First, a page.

It will be understood that the clock divider circuit 120 can be any circuit which divides the high-frequency clock signal to provide a lower frequency clock signal to the fine delay adjustment circuit 125. For example, in some embodiments according to the invention, the clock divider circuit 120 is a clock divider, such as a toggle flip-flop circuit, that divides the high-frequency clock signal by 2 so that the clock signal provided to the fine delay adjustment circuit 125 is half the frequency of the high-frequency clock signal provided directly to the delay circuit 100 and to the selection circuit 115.

Moreover, the combination of changing selection signals provided by the selection circuit 115 and the changing selection signals provided by the fine delay adjustment circuit 125 can combine to allow a further reduction in EMI. In particular, the selection circuit 115 can modify the selection signals to the MUX circuit 110 so that the delayed high-frequency clock signals are pseudo-randomly selected to provide the respective clock edges for the spread-spectrum clock signal. Furthermore, the selection signals provided by the fine delay adjustment circuit 125 can pseudo-randomly change with time intervals used to provide the plurality of delayed high-frequency clock signals provided to the MUX circuit 110. Accordingly, the spread-spectrum clock signal can include both the pseudo-randomly modified time intervals used to generate the delayed high frequency clock signals as well as the pseudo-randomly selected clock edges provide to the MUX circuit 110 thereby further reducing EMI.

FIG. 5 is a schematic illustration of a delay circuit 100 according to some embodiments of the invention. As shown in FIG. 5, delay circuit 100 can include non-sequential (i.e., non-clocked) logic having the high-frequency clock signal provided thereto. Furthermore, the selection signals S1-S3 and S1B-S3B can be provided to the pullup/pulldown transistors shown in FIG. 5. It will be understood that the pullup/pulldown transistors shown in FIG. 5 can each have different sizes so that the delay provided to each of the respective outputs of the delay circuit 100 (i.e., Ck1, Ck2, Ck3, and Ck4) can be different from one another because the sizes of the pullup/pulldown transistors associated with a particular output allows for different time delays to the outputs. For example, the pullup/pulldown transistors preceding output Ck1 can be sized so that the time interval between the input of the high-frequency clock signal and the output at Ck1 is shorter than the time interval from the arrival of the clock signal at the input to the output of the clock signal at the subsequent outputs Ck2-Ck4.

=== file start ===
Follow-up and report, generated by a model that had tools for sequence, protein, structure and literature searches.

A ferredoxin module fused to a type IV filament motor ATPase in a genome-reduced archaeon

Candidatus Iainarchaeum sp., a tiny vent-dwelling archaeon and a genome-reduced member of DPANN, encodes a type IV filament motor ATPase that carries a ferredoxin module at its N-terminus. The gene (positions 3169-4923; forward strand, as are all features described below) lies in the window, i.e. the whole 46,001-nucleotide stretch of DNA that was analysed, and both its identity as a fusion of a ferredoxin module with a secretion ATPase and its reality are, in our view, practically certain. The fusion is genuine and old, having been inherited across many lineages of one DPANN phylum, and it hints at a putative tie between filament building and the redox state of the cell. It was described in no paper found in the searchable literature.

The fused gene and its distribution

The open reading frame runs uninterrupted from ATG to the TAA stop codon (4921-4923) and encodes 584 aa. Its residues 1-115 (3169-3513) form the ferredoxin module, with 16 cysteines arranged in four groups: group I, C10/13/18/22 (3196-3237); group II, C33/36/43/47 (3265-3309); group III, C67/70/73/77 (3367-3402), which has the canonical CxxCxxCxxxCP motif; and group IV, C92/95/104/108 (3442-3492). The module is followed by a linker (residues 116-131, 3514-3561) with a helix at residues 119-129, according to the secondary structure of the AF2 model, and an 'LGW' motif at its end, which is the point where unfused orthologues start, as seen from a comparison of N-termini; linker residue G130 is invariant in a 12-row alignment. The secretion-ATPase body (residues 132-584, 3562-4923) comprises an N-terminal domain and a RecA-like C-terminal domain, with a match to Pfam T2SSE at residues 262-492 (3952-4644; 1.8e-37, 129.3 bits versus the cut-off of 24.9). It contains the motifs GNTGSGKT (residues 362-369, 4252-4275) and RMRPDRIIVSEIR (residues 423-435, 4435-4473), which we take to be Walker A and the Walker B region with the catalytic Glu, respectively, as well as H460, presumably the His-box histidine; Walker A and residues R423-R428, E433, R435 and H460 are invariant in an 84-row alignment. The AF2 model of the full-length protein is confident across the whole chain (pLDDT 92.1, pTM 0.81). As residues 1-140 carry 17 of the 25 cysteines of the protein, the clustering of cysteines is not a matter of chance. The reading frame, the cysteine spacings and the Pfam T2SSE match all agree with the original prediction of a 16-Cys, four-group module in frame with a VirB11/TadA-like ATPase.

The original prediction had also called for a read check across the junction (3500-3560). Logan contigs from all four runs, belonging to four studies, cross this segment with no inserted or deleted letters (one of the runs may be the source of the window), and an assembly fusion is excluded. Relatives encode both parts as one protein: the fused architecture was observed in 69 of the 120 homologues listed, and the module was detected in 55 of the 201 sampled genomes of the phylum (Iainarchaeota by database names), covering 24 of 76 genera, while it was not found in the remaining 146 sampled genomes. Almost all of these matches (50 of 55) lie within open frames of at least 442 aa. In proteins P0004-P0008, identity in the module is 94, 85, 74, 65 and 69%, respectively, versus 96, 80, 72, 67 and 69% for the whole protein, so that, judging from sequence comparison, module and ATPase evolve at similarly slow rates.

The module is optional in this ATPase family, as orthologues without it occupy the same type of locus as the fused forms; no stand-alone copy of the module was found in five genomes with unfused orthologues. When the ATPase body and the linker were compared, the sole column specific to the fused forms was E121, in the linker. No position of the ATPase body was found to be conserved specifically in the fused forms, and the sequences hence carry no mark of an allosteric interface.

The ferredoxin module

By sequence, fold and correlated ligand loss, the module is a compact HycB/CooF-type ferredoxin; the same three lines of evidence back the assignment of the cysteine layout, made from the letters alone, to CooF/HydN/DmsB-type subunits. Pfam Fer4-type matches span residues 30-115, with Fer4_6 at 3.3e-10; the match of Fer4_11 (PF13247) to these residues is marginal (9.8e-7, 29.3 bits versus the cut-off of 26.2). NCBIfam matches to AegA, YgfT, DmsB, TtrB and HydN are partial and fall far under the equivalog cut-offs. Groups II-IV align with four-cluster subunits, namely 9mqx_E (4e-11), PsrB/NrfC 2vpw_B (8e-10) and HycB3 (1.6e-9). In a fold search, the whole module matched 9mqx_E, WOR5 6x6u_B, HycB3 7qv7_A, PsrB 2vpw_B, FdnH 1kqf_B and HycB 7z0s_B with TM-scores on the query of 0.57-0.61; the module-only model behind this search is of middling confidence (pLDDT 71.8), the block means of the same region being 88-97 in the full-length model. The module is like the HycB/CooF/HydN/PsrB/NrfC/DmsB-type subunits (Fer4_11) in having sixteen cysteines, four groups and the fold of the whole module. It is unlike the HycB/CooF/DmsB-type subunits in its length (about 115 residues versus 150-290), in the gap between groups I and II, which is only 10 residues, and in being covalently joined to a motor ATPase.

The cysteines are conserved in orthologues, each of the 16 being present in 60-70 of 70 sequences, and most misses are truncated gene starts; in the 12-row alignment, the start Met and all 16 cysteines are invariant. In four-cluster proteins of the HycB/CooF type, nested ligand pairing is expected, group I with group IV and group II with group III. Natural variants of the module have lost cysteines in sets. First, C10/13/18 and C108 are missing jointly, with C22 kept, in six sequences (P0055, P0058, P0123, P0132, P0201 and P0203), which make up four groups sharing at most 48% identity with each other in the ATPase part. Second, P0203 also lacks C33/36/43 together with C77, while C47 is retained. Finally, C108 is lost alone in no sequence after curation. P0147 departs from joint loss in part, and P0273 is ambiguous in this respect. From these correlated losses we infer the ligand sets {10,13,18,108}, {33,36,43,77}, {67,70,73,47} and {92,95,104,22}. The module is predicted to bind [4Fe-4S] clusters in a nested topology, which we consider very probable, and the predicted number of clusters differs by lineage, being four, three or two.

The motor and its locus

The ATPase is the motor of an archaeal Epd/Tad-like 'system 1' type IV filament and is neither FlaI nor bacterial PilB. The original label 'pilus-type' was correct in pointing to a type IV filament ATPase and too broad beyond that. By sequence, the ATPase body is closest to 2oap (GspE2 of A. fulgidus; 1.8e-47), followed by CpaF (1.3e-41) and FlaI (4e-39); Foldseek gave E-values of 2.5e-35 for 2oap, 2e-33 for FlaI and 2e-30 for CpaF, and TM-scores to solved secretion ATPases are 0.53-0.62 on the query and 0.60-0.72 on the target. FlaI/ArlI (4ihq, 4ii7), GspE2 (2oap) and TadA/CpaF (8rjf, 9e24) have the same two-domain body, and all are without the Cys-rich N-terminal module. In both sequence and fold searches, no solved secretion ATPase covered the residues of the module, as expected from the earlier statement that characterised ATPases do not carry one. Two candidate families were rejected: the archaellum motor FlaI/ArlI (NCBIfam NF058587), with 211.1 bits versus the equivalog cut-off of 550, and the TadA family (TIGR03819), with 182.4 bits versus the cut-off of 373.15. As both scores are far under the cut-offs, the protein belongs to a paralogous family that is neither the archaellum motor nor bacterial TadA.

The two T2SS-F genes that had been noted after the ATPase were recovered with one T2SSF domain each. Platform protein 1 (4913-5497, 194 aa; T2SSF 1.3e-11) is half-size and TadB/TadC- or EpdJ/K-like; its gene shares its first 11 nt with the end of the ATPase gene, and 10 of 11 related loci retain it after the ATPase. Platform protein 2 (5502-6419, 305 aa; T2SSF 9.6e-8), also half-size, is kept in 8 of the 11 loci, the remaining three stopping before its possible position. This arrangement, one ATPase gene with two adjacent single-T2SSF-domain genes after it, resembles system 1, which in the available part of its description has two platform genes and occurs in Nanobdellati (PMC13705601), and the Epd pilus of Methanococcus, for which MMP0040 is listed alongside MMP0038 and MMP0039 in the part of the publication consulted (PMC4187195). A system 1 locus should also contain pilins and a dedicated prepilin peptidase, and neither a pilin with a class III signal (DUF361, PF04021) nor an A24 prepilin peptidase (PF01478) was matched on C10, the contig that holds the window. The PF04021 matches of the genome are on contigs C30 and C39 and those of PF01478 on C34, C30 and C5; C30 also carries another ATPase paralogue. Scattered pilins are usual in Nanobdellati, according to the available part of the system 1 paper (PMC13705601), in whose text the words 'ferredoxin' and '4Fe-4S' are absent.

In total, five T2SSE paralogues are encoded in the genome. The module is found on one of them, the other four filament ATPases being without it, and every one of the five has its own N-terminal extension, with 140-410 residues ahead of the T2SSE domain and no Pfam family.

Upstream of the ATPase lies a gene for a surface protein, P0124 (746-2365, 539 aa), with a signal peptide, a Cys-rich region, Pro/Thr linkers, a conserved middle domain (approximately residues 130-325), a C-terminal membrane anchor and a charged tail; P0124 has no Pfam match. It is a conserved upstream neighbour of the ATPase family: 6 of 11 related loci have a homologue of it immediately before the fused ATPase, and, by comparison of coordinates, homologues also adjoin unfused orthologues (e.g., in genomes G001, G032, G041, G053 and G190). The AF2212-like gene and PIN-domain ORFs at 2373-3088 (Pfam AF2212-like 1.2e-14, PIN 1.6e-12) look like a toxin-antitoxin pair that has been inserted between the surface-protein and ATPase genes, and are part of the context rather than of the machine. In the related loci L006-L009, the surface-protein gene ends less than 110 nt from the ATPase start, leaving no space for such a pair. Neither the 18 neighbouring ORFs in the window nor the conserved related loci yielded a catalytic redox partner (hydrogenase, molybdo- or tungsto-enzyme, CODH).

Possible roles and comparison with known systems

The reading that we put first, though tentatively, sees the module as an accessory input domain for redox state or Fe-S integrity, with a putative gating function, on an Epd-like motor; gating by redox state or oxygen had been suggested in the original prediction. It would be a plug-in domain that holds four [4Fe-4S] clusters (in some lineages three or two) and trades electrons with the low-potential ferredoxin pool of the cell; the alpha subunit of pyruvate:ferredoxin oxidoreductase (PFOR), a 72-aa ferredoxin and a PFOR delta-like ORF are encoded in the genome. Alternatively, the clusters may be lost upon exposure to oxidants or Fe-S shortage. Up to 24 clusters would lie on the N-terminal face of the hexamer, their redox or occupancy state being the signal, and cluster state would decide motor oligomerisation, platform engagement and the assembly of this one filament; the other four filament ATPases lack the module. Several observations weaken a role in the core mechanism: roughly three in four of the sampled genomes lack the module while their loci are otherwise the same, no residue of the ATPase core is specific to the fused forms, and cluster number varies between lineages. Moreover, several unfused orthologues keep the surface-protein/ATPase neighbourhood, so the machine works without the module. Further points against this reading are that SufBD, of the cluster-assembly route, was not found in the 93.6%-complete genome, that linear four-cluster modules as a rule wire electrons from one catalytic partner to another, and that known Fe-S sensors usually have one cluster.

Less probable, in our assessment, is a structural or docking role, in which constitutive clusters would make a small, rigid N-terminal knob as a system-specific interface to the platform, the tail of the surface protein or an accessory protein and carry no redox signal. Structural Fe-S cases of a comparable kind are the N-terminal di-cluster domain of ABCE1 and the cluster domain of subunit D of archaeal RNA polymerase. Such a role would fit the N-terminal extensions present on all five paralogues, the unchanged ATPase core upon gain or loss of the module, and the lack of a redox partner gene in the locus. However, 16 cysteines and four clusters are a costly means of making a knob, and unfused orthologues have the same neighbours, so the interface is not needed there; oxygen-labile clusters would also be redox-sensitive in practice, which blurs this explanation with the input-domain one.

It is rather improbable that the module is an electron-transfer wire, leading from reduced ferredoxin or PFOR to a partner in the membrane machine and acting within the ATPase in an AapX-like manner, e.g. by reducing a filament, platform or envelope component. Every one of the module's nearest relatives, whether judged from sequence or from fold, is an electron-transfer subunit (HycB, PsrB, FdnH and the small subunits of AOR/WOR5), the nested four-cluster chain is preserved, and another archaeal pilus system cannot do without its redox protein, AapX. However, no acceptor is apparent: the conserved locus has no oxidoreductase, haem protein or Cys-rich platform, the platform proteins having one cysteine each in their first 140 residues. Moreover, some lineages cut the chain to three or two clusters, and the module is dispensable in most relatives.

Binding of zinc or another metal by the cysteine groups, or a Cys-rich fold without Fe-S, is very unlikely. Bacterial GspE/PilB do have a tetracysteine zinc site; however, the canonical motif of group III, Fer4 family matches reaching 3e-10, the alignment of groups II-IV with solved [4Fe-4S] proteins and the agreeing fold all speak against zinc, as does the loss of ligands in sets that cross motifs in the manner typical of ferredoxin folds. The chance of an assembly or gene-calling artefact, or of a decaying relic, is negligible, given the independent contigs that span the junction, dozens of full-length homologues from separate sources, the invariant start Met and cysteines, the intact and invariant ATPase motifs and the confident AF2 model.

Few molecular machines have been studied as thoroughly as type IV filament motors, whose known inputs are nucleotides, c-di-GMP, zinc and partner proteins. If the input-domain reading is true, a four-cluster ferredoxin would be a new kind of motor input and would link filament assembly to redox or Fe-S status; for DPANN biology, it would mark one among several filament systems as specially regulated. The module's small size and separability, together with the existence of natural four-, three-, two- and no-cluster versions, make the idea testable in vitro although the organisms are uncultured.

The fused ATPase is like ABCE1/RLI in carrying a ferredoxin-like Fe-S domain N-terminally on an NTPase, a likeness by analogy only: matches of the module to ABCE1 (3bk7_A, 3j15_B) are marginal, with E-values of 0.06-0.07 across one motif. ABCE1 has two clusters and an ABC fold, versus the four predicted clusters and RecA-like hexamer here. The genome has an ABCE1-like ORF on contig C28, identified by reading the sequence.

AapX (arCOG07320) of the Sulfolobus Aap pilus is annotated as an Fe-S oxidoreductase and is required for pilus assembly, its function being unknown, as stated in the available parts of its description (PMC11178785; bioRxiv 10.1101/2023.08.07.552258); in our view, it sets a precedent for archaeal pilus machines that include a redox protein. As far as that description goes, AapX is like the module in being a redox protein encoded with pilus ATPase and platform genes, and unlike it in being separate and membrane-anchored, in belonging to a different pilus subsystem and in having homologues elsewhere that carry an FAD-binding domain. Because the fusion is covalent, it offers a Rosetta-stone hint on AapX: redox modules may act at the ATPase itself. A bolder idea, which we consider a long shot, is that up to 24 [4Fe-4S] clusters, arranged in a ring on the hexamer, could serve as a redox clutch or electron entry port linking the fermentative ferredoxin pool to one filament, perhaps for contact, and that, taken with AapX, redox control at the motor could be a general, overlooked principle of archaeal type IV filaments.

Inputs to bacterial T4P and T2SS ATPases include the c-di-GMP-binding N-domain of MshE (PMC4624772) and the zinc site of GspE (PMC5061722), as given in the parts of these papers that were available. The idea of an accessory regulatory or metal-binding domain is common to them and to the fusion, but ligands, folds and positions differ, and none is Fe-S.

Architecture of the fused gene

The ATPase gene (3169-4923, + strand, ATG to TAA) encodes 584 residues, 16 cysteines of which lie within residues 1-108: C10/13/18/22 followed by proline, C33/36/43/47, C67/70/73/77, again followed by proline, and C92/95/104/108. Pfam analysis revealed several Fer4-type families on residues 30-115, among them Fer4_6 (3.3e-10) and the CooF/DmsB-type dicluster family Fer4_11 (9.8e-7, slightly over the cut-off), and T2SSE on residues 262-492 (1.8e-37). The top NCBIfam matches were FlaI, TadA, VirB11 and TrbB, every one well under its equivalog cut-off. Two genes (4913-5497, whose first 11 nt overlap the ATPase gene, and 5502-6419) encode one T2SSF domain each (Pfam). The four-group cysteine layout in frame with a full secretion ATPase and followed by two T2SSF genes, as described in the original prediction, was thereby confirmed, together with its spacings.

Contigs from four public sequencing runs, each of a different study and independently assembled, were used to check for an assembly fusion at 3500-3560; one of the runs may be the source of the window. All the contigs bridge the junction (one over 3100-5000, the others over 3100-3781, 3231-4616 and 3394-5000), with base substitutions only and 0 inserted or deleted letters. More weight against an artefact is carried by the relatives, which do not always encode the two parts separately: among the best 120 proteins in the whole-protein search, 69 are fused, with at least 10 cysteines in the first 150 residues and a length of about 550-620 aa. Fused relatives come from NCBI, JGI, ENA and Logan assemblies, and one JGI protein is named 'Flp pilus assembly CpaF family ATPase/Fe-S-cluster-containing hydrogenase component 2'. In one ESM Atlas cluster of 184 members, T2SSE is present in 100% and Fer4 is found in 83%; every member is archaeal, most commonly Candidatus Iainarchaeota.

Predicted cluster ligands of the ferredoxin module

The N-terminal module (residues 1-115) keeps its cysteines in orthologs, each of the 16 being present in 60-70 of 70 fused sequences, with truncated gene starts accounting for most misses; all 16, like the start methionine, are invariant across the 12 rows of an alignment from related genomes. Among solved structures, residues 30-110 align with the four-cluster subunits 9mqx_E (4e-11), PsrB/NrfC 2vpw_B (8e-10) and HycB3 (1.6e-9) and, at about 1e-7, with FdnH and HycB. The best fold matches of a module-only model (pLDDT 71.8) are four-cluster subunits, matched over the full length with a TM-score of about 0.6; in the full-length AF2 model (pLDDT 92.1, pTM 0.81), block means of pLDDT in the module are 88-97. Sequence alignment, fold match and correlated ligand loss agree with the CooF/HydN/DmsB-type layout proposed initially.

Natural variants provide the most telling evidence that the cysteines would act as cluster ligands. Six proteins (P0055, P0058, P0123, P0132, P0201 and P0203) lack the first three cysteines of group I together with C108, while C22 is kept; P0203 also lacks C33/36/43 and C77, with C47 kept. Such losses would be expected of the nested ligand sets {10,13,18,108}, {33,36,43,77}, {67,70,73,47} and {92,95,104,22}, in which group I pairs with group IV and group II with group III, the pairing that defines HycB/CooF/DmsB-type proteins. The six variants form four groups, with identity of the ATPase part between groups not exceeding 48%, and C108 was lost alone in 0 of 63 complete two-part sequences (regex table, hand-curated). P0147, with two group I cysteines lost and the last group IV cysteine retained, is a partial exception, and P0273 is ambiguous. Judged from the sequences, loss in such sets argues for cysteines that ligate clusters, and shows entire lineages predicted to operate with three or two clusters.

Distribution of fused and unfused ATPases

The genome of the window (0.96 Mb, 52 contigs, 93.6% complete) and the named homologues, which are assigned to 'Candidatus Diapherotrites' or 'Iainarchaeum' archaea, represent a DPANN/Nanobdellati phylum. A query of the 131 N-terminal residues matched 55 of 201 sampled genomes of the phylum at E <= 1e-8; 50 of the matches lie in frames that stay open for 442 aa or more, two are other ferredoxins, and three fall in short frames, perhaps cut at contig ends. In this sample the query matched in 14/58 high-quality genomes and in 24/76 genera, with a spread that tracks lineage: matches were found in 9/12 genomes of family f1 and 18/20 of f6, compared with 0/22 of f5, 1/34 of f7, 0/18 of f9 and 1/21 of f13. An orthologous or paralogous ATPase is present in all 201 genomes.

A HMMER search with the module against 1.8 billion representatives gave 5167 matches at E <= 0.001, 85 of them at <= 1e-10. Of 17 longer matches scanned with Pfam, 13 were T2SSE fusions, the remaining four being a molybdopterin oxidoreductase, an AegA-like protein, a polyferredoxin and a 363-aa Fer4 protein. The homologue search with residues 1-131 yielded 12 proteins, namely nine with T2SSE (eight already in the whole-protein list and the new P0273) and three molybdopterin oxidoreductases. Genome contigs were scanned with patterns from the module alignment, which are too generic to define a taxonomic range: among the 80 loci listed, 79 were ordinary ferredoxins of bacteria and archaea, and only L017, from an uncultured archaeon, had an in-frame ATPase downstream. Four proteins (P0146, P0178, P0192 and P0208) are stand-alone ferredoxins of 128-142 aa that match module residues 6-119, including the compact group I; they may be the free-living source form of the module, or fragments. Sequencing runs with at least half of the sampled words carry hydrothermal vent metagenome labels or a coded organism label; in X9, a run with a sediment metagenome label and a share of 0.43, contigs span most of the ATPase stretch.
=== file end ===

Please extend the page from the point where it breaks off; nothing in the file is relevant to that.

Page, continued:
Similarly, the pullup/pulldown transistors associated with Ck2 can be sized so that the time interval from the input of the high-frequency signal to the output of Ck2 is greater than Ck1, but less than the intervals associated with Ck3 and Ck4. Furthermore, the pullup/pulldown transistors associated with the output Ck3 can be sized so that the time interval from the arrival of the high-frequency clock signal at the input to the output at Ck3 is greater than Ck2, but less than Ck4. Finally, the pullup/pulldown transistors associated with Ck4 can be sized so that the time interval from the arrival of the high-frequency clock signal at the input to the output at Ck4 is greater than each of the time intervals associated with output Ck1-Ck3.

In operation, the delay circuit 100 shown in FIG. 5 can cause the time interval provided to each of the outputs of the delay circuit 100 to change responsive to the selection signals from the fine delay adjustment circuit 125. For example, as shown in FIG. 6, when the fine delay adjustment circuit 125 outputs selection signals S1-S3, the delay circuit 100 shown in FIG. 5 can turn on the pullup/pulldown transistors enabled by the combination of selection signals S1-S3/S1B-S3B. Accordingly, the delay circuit 100 delays the clock signal provided to the input a first time interval to output Ck1, a second time interval for output Ck2, a third time interval for output Ck3, and a fourth time interval for output Ck4.

However, when the selection signals provided by the fine delay adjustment circuit 125 are changed, the different selection signals enable different pullup/pulldown transistors associated with each of the outputs of the delay circuit 100 so that a different time interval for the output Ck1-Ck4 is used. In particular, the different combination of selection signals enables different combinations of pullup/pulldown transistors (each having different sizes relative to one another) so that the time interval for the respective output changes based on the selection signals as the inverter used to drive the pullup/pulldown transistors drives faster or slower depending on which of the pullup/pulldown transistors is enabled.